'Santa Clarita Diet' Is Relatable — No, Seriously

by S. Atkinson

Spoilers ahead. If you haven't already marathoned Drew Barrymore's Netflix series like a hungry zombie craving human flesh, you'll probably already know from browsing websites like this one that the show is about what happens when a totally normal real-estate mom suddenly transforms into a member of the undead. But in the weirdest twist of all, Santa Clarita Diet is surprisingly relatable. At least, when you look at it from the perspective of Santa Clarita Diet's creator, Victor Fresco, who spoke about the new show to Entertainment Weekly.

Fresco argues that protagonist Sheila's newfound lust for flesh is a good thing for her husband. He told EW,

“It’s the best thing that’s happened to them in years. It’s asked him to rethink his marriage, his life, what he wants, what he’s been up to. To some degree, it’s creating a midlife crisis of sorts in the best way.”

On reading this quote, it clarified something for me: It's not just Joel who goes through something comparable to a mid-life crisis. Arguably Sheila's metamorphosis could just as easily be interpreted as a mid-life crisis. Sure, she's eating flesh instead of splashing out cash on a new sports car. But it's basically the inverse of that friend you know who hit 40 and suddenly started following a strict vegan diet overnight.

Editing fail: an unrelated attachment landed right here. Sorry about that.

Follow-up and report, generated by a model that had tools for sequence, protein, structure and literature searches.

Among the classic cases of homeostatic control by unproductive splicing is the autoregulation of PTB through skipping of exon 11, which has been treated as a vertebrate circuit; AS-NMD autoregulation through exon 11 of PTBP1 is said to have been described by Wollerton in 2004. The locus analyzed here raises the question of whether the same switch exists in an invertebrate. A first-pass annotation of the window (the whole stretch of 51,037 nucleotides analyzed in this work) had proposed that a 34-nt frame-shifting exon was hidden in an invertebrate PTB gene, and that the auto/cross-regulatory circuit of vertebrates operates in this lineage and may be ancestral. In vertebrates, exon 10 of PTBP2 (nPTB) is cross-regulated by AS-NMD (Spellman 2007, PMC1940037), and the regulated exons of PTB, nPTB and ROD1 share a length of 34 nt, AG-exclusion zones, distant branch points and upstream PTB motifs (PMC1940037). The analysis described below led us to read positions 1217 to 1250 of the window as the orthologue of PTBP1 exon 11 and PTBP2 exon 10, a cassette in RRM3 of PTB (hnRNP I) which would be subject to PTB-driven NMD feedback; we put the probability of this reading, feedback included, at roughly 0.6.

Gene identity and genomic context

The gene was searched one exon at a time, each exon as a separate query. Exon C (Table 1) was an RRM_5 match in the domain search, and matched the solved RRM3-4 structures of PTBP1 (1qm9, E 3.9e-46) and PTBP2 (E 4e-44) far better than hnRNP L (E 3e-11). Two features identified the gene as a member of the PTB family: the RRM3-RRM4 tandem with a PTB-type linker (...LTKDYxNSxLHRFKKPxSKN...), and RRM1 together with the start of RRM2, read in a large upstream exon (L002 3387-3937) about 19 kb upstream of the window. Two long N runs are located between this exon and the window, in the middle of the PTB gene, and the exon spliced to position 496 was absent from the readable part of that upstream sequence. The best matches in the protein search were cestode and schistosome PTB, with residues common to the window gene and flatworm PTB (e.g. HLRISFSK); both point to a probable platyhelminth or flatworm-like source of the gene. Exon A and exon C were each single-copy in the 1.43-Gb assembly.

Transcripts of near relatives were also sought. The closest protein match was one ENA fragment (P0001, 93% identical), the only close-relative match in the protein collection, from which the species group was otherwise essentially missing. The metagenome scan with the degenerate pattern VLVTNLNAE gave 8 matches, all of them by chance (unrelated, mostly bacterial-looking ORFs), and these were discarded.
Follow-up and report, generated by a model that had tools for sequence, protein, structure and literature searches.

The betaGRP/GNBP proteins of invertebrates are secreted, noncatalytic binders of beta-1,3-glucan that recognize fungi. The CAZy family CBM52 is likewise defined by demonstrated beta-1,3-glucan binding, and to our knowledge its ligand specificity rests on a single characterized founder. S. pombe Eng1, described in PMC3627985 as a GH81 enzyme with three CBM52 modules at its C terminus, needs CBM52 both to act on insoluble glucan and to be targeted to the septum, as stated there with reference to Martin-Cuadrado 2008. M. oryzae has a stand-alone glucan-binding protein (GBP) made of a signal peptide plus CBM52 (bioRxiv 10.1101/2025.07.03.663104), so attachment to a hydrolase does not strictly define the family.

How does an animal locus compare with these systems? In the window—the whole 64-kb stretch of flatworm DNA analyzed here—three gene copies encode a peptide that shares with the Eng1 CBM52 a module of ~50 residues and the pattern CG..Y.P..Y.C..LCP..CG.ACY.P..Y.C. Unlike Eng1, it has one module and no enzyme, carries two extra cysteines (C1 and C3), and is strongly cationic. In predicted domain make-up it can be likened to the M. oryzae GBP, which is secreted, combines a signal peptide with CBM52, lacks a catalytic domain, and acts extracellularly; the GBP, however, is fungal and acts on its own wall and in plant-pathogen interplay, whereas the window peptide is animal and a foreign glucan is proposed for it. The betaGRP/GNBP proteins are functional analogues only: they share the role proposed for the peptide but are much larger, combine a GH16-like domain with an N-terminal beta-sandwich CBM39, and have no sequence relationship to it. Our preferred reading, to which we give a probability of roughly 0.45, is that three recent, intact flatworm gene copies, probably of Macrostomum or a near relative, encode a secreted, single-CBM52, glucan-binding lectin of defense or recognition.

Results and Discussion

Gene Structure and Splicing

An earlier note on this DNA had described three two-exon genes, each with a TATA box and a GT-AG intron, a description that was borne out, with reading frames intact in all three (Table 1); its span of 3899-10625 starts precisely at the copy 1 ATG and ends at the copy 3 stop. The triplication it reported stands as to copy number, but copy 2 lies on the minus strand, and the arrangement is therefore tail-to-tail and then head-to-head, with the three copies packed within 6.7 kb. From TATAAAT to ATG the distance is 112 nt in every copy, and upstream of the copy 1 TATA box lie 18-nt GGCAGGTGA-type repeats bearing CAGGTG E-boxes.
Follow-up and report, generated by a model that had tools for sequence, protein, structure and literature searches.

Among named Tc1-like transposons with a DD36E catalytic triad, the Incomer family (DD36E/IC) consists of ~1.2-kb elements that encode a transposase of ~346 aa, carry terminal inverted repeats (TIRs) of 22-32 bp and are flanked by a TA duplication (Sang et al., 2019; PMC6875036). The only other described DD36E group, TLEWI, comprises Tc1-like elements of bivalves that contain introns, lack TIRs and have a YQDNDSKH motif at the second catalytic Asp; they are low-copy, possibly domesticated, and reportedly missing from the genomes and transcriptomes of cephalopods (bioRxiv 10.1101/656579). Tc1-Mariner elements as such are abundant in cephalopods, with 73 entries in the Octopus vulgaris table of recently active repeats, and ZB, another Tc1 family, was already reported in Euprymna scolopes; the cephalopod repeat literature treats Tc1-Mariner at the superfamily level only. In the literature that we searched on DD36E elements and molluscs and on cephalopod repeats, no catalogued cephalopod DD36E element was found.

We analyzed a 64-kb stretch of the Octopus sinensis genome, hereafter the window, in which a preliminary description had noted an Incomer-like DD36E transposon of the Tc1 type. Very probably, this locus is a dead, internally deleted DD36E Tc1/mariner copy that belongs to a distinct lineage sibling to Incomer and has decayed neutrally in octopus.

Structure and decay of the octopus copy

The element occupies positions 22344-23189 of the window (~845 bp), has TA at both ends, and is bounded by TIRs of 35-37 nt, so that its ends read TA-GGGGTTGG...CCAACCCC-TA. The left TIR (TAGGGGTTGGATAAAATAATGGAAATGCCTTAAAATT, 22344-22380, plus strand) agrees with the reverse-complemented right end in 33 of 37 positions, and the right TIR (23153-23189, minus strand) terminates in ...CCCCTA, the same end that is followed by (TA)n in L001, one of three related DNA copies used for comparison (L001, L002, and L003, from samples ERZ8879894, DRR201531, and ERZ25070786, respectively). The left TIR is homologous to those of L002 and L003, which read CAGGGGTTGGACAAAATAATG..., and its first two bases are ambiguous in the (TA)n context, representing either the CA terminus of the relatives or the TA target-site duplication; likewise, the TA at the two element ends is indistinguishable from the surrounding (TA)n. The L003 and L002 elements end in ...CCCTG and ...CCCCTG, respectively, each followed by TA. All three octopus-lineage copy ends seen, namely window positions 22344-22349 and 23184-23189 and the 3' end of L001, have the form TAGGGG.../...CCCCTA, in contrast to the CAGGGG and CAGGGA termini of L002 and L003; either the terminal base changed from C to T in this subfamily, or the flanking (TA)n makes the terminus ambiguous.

And it doesn't stop there. With regards to Abby attempting to stop her mom's symptoms getting worse, Fresco observed:

“She was also living kind of a boring, suburban life, and now this has been handed to her, this situation which she was appalled by. Kids are affected in ways you can never anticipate. She’s an alpha girl. She can take control, and she’s smart, and she’s fearless, and she wants to save her mom. She’s going to step up in a big way.”

While Fresco never explicitly uses the term "helicopter parenting," that's what I'm inferring from "boring, suburban life." In the very first episode, while Sheila apologizes to Abby for the lack of time they spend together, her invitation to take her to a tea garden and fussing about whether she has everything in her bag implies she's definitely present in her daughter's life. When a kid grows up with two well-to-do, responsible parents in the suburb, that can often mean they're subject to close monitoring and a ton of assistance, which is stressful if you're an "alpha girl."


Given that Sheila's now overbooked trying to juggle her working life with her need to find new victims, it's Abby's moment to become an adult — to "step up," be "fearless," and "save her mom." Which, when you think about it, is also what happens when you're the kid of someone going through a mid-life crisis. You're required to step up, do some emotional handholding, and put your parents' well-being before your own — sometimes skipping the odd night partying with your friends to stay home and watch TV with your parents. So while Abby attempts to make a bid for adulthood via asking her parents for a car in the debut episode, she gets the real version of adulthood by the end of Season 1 by taking on genuine responsibility.

So, who knew? Santa Clarita Diet isn't half as wacky as it seems. On one level, it's a comedy about a real estate zombie. On another: It's the truest thing on the small screen right now.